Tying the Knot!
Usually on this blog I stick to herbal-related topics, but due to a recent momentous occasion I want to share something very personal to me. So, here goes...
Just a few weeks ago, on a beautiful October day, my long-time love, Henry and I got married! After knowing each other for 8 years, we decided to finally make things official. We had a short engagement -- two months long -- and planned a very simple ceremony with just our immediate families present. It was incredibly lovely and just what we wished for.
Appropriately, our relationship all started because of plants... We met one fateful day when I first started working at the Harvard Herbarium, where the university's collection of preserved plant specimens are housed. Henry and I worked on the same project together and he soon became one of my closest friends. After he moved on to another job, our friendship evolved into love.
(Well, truth be told, it wasn't nearly as simple and smooth as that, but we'll save that story for another day!...)
Although neither of us are no longer at the herbarium, plants are still of course a big part of our everyday life... And with the line of work that I am in, herbs have literally taken over our whole household! But Henry is good-natured about the herbs (dried, tinctured and otherwise) that take up every free nook and cranny, and he has certainly earned the title of "honorary herbalist." As my Herbstalk co-founder, he is just as passionate about connecting people with herbs as I am.
For our wedding we made sure to incorporate meaningful plants into the day. Part of our ceremony involved drinking from a shared cup of wine, which we infused with hawthorn berries we had gathered together. And I made my bouquet and hair piece with plants from our garden, including rosemary, queen anne's lace, holy basil, mugwort and rosehips. Henry's boutineer included an unusual, but important touch -- a beech nut from the tree under which he proposed.
So, here are a few photos from our happy day, made lovelier by the autumn trees, the dusk light, a spell of misting rain, and the warmth of our nearest and dearest.
Simple Elderberry Syrup
With colder days upon us it is now the official season of making a classic herbal recipe: Elderberry Syrup. I make this every year by the potful and keep several bottles of it in my fridge. Each year I vary the recipe a bit, but the one I share below is one of my favorites.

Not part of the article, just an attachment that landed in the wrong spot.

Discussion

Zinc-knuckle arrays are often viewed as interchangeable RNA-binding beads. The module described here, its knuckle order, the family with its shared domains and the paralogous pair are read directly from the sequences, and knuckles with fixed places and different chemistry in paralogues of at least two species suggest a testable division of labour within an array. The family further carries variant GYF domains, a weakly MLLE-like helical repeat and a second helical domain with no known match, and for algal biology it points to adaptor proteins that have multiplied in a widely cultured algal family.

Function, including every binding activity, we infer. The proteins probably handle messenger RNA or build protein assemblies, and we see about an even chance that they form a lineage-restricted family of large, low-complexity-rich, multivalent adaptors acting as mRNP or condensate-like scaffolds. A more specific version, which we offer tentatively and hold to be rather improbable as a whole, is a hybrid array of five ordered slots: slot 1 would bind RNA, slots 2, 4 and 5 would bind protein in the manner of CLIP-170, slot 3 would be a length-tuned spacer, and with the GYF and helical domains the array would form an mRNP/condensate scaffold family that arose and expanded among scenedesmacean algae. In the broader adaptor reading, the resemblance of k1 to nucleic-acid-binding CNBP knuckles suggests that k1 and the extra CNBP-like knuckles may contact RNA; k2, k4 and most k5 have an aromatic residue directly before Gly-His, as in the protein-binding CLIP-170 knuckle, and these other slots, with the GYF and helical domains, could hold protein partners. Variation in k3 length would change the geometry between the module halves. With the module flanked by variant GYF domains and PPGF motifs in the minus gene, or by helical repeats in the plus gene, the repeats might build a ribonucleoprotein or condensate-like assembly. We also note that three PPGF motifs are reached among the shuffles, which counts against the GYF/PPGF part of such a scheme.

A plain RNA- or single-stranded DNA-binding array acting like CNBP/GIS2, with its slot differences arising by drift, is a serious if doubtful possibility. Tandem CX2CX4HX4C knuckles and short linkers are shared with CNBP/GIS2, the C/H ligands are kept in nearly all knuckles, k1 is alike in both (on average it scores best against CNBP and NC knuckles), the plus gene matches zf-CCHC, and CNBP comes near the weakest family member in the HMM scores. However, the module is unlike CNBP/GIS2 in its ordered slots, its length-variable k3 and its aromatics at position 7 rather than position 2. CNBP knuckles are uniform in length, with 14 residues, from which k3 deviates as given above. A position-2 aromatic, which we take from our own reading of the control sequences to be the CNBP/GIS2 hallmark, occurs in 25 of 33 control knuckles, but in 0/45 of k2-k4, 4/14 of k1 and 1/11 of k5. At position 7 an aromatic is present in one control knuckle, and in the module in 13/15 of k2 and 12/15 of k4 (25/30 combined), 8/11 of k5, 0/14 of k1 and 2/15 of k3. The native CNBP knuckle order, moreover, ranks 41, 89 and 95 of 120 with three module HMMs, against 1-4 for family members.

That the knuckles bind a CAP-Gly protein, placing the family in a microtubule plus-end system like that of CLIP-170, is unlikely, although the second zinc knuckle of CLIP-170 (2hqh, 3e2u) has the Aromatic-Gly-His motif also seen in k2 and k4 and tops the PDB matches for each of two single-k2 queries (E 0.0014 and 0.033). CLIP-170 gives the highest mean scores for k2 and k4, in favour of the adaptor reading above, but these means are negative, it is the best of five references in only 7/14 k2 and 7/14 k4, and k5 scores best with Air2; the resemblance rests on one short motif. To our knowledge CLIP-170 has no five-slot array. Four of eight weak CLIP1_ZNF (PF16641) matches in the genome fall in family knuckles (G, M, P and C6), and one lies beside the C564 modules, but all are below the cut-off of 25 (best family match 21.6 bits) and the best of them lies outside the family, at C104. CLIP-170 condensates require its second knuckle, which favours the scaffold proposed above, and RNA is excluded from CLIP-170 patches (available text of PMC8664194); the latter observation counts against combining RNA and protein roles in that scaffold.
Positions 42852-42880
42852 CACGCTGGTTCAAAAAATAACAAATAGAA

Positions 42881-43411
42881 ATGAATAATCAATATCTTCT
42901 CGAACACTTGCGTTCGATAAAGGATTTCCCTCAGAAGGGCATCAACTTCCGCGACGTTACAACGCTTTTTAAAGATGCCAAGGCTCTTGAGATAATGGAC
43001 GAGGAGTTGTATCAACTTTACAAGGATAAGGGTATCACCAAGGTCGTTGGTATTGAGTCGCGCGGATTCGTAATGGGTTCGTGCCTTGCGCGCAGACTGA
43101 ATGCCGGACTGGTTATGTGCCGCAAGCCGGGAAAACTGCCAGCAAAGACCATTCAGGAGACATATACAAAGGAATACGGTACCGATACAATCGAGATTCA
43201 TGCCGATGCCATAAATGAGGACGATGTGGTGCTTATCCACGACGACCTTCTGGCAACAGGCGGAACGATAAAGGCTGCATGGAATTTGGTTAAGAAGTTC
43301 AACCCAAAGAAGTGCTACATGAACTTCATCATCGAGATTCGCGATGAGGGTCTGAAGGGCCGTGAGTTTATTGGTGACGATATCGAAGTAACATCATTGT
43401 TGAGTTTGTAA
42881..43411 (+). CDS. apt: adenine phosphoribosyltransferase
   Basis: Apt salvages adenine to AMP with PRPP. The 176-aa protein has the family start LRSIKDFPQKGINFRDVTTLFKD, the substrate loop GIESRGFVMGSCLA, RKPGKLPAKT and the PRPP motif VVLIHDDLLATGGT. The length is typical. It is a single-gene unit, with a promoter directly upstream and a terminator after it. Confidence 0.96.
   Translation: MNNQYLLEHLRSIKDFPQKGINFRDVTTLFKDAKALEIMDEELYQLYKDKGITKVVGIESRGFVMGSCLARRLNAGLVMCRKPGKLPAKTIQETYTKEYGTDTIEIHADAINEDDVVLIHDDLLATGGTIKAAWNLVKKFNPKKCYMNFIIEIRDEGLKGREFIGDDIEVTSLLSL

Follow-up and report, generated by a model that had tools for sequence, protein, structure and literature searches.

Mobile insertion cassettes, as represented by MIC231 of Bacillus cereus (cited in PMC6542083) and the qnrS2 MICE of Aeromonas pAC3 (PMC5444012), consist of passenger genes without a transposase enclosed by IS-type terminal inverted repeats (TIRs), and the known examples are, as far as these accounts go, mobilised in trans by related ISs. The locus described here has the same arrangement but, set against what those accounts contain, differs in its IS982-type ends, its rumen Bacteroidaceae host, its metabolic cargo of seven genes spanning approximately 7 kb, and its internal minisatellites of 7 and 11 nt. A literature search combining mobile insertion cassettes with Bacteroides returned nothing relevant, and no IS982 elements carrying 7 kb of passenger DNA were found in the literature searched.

This syrup is very easy to make, tastes delicious (even to children) and is one of the best things you can do to support your immune system. It is my go-to potion for sniffles, colds, flu, and anytime I am starting to feel run-down in the winter.
An herbal syrup might sound complicated, but really it is just a mixture of:
a strong herbal tea + a sweetener + brandy
Simple Elderberry Syrup
1 cup dried elderberries
1 teaspoon dried ginger root
1 tablespoon dried cinnamon chips
4 cups water
1 cup local honey
1/2 cup brandy
1. Create a strong tea (decoction) by slowly simmering the elderberries and spices in the water. Let the water content reduce by half, which may take an hour or more. Keep an eye on the pot and make sure the water does not evaporate too much - if needed, add another cup of water.
2. Strain and discard the herbs from the liquid.
3. Measure your remaining liquid. If you started with 4 cups of water, you should have 1.5 to 2 cups of liquid left. Add 1 cup of honey. You can adjust the amount to your taste, and preference for consistency. (If you want a thicker, sweeter syrup, add more honey.)
4. After adding the honey, cook on very low heat until just combined, usually just a minute or two. When using honey (especially raw honey) you want to be careful with the amount of heat you use.
5. Remove from the heat and let cool. At this point your syrup can be considered finished, but if you would like extra preservative properties for a longer shelf life, add 1/2 cup brandy. Mix thoroughly.
6. Pour into clean glass bottles, label it with the ingredients and date, and refrigerate. The syrup will keep for several months when preserved with brandy and stored in the fridge.
Options: You could also add other spices such as cloves, cardamom or orange peel to this recipe. I also like to add in a small amount of dried rosehips for added Vitamin C content. Use this basic recipe as a starting point and let your creative juices flow!
Take 1-2 tablespoons a day for preventative measures and to keep your immune system going strong. This syrup is also delicious added to teas (or hot toddies!), or as a special garnish on desserts. Enjoy!
(If you'd like to read more of what I've written about elderberry, please go here for another article.)